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Condition/Disorder Synonyms

  • Non-septic obstructive airway disease

  • Septic obstructive airway disease

ICD-9-CM Codes

  • 490 Bronchitis, not specified as acute or chronic

  • 491 Chronic bronchitis

  • 492 Emphysema

  • 493 Asthma

  • 494 Bronchiectasis

  • 495 Extrinsic allergic alveolitis

  • 496 Chronic airway obstruction, not elsewhere classified

Associated Physical Therapy Diagnoses

  • 780.7 Malaise and fatigue

  • 786.0 Dyspnea and respiratory abnormalities

  • 786.05 Shortness of breath

ICD-10-CM Codes

  • F17 Nicotine dependence

  • J44 Other chronic obstructive pulmonary disease

  • J41 Chronic simple and mucopurulent chronic bronchitis

  • J42 Unspecified chronic bronchitis

  • J43 Emphysema

  • J45 Asthma

  • J47 Bronchiectasis

  • Z57.31 Occupational exposure to environmental tobacco smoke

  • Z72.0 Tobacco use

  • Z77.22 Exposure to environmental tobacco smoke

  • Z87.891 Personal history of nicotine dependence

Preferred Practice Pattern

Key Features


  • A cluster of chronic lung diseases that cause air to be trapped in lungs and hyperinflation

  • Afflicted individuals usually have both emphysema and chronic bronchitis

  • Chronic airflow limitation, narrowing of airways (not fully reversible)

  • Disorders

    • Chronic bronchitis: inflammation of airway with increased mucus production

    • Obstructive bronchiolitis

    • Emphysema: damaged air sacs and small tubes of the lungs

    • Chronic obstructive lung disease (COLD)

    • Chronic obstructive airway disease (COAD)

    • Chronic airflow limitation (CAL)

    • Chronic obstructive respiratory disease (CORD)

  • Subdivided into septic and non-septic 3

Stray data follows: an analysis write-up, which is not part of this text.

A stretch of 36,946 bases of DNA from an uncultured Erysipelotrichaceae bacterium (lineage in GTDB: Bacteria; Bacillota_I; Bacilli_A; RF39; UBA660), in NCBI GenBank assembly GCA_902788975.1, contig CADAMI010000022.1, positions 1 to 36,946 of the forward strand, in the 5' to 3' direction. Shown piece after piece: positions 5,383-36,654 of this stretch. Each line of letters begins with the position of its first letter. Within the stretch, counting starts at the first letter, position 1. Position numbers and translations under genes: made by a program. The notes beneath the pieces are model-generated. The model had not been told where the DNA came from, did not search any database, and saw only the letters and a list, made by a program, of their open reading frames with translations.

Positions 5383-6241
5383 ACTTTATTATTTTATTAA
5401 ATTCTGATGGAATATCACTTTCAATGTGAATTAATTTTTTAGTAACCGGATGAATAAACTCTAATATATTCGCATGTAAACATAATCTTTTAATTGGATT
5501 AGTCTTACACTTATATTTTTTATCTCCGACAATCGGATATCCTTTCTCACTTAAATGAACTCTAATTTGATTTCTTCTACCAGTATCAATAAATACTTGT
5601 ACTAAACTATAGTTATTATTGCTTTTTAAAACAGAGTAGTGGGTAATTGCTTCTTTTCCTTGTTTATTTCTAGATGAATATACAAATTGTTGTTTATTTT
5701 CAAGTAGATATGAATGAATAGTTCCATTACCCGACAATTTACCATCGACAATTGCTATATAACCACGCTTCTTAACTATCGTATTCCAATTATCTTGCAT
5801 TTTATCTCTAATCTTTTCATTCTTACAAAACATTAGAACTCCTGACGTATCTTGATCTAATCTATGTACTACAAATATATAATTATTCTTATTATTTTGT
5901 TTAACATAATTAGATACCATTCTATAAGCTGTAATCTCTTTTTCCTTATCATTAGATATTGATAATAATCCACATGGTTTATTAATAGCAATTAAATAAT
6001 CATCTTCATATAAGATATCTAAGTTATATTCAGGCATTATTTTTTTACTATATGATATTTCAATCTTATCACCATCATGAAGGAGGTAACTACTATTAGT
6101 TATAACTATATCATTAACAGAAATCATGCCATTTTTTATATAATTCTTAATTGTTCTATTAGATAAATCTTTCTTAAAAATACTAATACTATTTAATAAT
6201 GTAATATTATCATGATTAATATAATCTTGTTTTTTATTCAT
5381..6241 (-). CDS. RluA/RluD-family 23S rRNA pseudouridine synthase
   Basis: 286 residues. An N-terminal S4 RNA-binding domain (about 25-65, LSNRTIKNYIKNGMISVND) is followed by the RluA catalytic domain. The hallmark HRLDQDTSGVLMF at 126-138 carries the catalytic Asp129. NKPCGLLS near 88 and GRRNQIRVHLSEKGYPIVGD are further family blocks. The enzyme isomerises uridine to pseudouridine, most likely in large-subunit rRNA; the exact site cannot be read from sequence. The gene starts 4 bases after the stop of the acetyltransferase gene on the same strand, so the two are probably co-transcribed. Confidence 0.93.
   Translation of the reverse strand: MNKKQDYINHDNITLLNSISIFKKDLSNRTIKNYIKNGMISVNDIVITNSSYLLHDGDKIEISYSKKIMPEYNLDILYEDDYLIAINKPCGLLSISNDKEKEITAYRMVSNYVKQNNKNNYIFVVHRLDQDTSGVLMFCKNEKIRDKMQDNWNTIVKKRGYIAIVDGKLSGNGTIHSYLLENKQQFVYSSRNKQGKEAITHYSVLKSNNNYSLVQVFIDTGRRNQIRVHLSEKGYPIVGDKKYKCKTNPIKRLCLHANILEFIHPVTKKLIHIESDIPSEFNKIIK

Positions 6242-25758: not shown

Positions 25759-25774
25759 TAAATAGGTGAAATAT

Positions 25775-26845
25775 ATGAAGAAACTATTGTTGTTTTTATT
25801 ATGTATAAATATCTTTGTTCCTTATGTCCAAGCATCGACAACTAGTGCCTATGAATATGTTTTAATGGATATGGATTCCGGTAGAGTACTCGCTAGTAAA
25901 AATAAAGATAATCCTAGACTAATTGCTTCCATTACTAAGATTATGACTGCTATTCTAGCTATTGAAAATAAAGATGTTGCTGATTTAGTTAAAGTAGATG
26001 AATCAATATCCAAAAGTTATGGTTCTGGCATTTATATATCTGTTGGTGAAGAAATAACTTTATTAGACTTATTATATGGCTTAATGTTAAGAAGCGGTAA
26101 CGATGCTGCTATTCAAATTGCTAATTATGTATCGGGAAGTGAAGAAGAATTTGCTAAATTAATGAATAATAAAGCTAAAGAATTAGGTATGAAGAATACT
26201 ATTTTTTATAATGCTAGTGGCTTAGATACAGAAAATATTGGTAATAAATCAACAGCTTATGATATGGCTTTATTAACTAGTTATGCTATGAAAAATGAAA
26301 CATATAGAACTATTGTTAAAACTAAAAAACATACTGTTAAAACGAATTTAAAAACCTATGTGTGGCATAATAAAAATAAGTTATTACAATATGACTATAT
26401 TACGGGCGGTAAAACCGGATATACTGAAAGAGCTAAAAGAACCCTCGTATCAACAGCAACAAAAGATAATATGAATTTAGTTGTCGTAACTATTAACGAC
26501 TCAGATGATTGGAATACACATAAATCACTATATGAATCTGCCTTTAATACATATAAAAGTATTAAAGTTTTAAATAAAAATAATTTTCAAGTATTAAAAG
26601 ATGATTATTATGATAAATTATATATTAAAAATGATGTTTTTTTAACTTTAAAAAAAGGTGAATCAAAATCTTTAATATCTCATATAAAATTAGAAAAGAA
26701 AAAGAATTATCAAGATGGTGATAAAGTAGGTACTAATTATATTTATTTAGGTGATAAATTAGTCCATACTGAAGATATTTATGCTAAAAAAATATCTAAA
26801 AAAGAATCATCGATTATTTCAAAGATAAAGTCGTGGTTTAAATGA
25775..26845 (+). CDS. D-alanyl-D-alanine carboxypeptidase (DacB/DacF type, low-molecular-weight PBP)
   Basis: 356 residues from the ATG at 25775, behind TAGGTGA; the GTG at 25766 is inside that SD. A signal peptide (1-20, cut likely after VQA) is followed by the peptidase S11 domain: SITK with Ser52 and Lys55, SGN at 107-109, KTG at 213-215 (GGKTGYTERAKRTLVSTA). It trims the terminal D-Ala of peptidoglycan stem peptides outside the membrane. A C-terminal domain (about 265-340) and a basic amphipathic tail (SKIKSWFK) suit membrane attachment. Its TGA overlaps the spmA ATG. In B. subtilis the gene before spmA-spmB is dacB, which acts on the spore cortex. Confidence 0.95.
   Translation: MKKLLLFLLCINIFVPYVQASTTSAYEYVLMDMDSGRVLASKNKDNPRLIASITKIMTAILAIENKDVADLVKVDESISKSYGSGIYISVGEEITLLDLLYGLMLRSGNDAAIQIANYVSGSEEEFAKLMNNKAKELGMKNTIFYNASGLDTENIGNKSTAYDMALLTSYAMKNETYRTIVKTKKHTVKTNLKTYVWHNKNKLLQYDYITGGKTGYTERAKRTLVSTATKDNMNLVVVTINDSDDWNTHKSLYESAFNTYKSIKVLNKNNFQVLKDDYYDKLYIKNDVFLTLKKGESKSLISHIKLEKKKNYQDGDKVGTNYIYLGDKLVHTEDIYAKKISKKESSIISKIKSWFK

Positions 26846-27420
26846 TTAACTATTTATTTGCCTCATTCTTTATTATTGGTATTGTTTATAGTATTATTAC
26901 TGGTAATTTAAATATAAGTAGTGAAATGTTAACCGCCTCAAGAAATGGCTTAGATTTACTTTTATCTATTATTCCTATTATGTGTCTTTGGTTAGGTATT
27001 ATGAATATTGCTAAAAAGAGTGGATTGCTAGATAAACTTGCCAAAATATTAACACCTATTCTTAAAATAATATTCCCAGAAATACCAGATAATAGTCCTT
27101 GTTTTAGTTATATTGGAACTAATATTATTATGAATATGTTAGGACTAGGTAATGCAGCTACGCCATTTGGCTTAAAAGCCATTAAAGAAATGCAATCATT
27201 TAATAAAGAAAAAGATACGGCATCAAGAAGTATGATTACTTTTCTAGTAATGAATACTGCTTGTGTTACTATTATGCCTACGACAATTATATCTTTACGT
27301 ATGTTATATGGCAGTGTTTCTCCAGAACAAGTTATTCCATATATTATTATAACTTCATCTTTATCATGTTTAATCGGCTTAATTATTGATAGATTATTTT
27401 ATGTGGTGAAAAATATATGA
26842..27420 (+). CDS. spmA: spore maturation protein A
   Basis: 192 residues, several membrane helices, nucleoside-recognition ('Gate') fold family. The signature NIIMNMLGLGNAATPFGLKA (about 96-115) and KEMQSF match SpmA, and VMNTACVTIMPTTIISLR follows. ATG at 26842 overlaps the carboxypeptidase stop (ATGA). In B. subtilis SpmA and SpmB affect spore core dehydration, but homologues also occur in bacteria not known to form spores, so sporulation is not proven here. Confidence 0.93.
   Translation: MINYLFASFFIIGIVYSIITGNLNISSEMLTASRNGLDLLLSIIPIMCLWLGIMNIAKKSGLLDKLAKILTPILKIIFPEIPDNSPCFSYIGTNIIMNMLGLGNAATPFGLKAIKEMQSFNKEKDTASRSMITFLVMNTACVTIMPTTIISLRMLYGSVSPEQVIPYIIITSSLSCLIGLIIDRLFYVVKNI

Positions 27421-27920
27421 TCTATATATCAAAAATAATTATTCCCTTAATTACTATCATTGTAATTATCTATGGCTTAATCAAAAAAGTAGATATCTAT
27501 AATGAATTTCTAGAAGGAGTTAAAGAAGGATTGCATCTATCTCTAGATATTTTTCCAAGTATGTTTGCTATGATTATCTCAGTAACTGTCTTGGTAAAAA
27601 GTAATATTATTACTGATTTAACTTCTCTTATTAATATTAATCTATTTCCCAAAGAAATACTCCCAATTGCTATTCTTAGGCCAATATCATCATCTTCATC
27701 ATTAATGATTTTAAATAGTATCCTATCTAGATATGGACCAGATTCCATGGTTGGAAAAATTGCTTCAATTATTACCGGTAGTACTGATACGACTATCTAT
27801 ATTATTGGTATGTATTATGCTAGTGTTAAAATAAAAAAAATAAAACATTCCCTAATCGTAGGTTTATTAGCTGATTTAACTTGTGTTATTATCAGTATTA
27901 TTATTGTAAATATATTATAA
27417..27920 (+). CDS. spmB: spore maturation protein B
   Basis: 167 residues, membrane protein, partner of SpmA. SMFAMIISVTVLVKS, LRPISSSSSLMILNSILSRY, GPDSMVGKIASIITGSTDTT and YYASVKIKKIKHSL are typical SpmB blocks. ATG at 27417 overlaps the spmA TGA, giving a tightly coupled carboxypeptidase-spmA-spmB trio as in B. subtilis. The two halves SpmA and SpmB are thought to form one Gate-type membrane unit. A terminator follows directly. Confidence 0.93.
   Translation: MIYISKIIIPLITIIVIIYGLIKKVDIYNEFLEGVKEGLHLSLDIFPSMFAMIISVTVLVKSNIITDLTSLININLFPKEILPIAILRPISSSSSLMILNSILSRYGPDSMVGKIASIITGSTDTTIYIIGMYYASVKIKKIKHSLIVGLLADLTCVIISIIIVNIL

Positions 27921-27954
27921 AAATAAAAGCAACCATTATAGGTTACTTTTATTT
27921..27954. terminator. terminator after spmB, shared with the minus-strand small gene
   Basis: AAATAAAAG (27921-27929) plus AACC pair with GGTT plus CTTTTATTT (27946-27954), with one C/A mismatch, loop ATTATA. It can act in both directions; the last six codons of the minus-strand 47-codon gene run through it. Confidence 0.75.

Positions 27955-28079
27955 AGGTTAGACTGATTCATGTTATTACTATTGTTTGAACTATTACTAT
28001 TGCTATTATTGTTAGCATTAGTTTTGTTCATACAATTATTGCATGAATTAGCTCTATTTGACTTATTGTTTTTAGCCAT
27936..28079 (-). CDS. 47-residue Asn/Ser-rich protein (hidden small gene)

• Non-septic

      • Cough is productive

      • Breathing sounds: rales, wheezing

    • Septic

      • Cough can be variable

      • Breathing sounds decreased

Essentials of Diagnosis

  • Most individuals have lost 50% lung function when diagnosed

  • Diagnostic guidelines

    • GOLD (the Global Initiative for Chronic Obstructive Lung Disease)

    • Guidelines from American Thoracic Society and European Respiratory Society

  • Diagnosis

    • Physical examination

    • Air-flow limitation on pulmonary function test (spirometer)

      • Spirometer measures compared to predicted values for age, height, body weight, gender

      • Expressed as FEV (function expiratory volume)

    • Chronic cough

    • Hypoxemia

    • Hypercapnia

General Considerations

  • Mortality rates increase with repeated exposure to irritant or causative factors

  • Most cases include cigarette smoking

    • Acute exacerbations often caused by lung infection, exposure to air pollution, smoke, cold air temperature, dust, chemical smells

  • Adults with asthma are 12 times more likely to develop COPD than adults without asthma

  • Must monitor oxygen levels in patients with COPD; can become apneic

  • Loss of airflow usually due to

    • Lost elasticity in airways and air sacs

    • Increased mucus production

    • Damage to air sac

    • Inflammation, thickening of airway walls


  • Most commonly presents at age 55 to 60 years

  • More common in men than women in middle age

  • Increasing prevalence among women (associated with increased smoking among women)

Clinical Findings

Signs and Symptoms

  • Chest tightness...

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